Let's say I have three-dimensional complex array $X[m,n,p]$, $m \in \{0, 1, \ldots, M-1\}$, $n \in \{0, 1, \ldots, N-1\}$, $p \in \{0, 1, \ldots, P-1\}$; i.e. $X \in \mathbb C^{M \times N \times P}$. I would like to take a three-dimensional DFT of this array; along dimensions $m$ and $n$ I would like to use the forward transform, and along dimension $p$ I would like to use the inverse transform.

Every multidimensional FFT implementation I've looked at (FFTW, MKL, numpy.fft) just has one parameter to specify as "forward" or "backwards/inverse", implying that the same transform is applied in each dimension.

Is there an "easy" way to do this mixed-direction FFT directly without having to break it up into two steps (i.e. doing a 2D forward transform and then a set of 1D inverse transforms)?

Either a conceptual answer (e.g. "conjugate this then do this") or a "programming" answer (e.g. "use this flag in MKL") would be fine.

  • 1
    $\begingroup$ Somehow you have to "flip" the sign of the imaginary part to change the direction of the transform. Each one of the subsequent "dimensional" applications of the DFT is applied over the previous step transformed data. Can you predict what the sign of the $m,n$ $\mathbb{C}$omplex element is going to be so that you can pre-flip it in preparation for the third application of the FFT? (So that you can do the whole process with 1-way applications of the FFT). I don't think that this is doable without breaking the process in more than one parts....or did I not get it right (?) $\endgroup$
    – A_A
    Commented Mar 11, 2019 at 22:38
  • $\begingroup$ @A_A yes, I think you're right that I may have over-constrained the problem. $\endgroup$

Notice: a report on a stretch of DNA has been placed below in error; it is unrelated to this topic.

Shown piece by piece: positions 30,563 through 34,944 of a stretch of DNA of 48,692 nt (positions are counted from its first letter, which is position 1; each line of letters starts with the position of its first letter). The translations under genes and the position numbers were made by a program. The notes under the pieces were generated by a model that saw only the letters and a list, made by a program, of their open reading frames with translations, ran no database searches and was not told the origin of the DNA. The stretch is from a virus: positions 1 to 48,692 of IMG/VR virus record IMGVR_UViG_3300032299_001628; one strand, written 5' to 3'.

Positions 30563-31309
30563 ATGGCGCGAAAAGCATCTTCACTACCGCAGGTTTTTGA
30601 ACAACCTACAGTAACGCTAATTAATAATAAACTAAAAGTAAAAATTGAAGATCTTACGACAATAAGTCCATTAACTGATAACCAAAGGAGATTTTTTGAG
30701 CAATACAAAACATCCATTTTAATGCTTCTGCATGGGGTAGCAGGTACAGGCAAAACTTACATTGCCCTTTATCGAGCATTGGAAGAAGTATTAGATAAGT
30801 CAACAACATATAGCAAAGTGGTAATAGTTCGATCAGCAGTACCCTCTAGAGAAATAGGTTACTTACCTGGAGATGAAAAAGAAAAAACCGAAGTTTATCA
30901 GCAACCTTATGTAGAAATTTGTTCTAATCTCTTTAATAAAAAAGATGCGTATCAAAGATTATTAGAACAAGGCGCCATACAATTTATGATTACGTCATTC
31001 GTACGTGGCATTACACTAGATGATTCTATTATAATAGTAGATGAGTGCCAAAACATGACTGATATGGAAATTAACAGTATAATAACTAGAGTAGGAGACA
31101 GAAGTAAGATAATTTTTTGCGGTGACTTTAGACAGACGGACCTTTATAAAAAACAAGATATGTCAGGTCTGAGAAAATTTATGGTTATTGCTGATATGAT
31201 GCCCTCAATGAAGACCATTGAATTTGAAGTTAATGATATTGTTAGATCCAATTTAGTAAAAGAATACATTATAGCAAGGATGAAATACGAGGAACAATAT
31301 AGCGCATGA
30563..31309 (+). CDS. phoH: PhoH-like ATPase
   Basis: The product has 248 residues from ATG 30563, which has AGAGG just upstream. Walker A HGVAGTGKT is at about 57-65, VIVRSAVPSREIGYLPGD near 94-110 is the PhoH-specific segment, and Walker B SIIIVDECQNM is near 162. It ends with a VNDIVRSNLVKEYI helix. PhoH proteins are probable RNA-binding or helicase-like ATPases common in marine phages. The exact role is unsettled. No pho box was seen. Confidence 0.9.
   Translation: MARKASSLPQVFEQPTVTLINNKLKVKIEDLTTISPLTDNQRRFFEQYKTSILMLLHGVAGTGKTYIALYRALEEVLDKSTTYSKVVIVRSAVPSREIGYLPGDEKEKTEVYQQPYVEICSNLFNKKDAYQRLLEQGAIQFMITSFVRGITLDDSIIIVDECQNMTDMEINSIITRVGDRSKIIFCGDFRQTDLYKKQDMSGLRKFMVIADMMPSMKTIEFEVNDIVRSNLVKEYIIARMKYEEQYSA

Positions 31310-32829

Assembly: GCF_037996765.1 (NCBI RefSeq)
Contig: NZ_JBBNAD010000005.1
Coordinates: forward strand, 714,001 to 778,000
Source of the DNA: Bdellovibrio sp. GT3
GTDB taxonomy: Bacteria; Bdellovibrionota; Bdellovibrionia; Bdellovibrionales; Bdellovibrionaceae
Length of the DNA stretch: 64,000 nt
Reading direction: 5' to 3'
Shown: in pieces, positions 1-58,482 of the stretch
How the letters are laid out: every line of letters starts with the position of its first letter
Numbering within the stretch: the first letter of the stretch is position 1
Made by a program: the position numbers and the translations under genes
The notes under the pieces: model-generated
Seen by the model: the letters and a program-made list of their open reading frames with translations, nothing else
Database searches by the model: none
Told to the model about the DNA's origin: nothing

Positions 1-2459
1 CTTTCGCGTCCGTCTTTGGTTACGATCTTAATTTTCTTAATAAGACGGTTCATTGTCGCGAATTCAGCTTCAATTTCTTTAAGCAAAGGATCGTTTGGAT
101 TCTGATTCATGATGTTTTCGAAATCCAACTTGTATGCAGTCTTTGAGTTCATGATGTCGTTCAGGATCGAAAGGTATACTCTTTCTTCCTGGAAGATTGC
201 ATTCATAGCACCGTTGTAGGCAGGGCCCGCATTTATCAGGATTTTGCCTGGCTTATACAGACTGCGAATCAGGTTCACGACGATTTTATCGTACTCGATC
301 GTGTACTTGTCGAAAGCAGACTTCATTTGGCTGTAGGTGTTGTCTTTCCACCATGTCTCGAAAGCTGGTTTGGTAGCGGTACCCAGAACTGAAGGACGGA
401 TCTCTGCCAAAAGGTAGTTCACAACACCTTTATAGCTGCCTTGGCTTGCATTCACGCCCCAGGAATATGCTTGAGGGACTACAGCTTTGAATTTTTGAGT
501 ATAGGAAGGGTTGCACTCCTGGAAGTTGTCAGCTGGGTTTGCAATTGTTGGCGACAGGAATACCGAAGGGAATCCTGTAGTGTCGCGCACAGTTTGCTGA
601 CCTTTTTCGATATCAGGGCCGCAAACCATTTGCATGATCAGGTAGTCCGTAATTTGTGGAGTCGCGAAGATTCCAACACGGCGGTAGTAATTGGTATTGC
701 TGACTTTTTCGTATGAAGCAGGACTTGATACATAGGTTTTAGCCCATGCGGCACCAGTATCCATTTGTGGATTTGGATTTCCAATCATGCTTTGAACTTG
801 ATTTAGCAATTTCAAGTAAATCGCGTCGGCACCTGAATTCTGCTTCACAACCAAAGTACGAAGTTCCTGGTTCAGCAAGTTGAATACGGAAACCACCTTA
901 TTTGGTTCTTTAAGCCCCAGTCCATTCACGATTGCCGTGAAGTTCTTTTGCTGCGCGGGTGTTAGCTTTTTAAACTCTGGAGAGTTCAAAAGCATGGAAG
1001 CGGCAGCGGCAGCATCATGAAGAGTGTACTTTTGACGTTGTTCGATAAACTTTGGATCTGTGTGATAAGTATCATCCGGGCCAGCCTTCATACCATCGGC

– Robert L.
    Commented Mar 12, 2019 at 20:37

1 Answer 1


if I understood it right, given your 3D volumetric data $x[m,n,p]$, first you want to take a 2D forward DFT (via 2D FFT) in the first two variables $m,n$ (i.e., for each m-n plane along 3rd dimension) and then take a 1D inverse DFT of vectors along the third dimension.

Note that in the first operation you replace each data plane with frequency plane and create a new volumetric data, then you will be taking inverse DFT of this resulting volume, the MATLAB/OCTAVE code below demonstrates a simple example:

A = zeros(2,2,3);      % create a 3D data array
A(:,:,1) = [1,2;3,4];  % first plane of 3D data
A(:,:,2) = [1,2;3,4];  % second plane of 3D data
A(:,:,3) = [1,2;3,4];  % third plane of 3D data

B = fft2(A)        % it'll take 2D-DFT independently for each plane of A

C = ifft(B,[],3)  % we indicate that ifft() be taken along 3rd dimension...

As you can see, since after the first step we have same frequency data for each plane of B, the third step produced impulses for each vector of C along 3rd dimension, due to inverse DFT.

I believe this is easy enough? But still in two steps (you can merge them into one line but still two calls)...

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    $\begingroup$ yes, this does it, thank you. I didn't realize at the time that I could just use ifft along a dimension and was thinking I'd manually have to do an ifft for each $(m,n)$. $\endgroup$
    – Robert L.
    Commented Mar 12, 2019 at 20:36
  • $\begingroup$ oh that's good to hear ;-) $\endgroup$
    – Fat32
    Commented Mar 12, 2019 at 23:13

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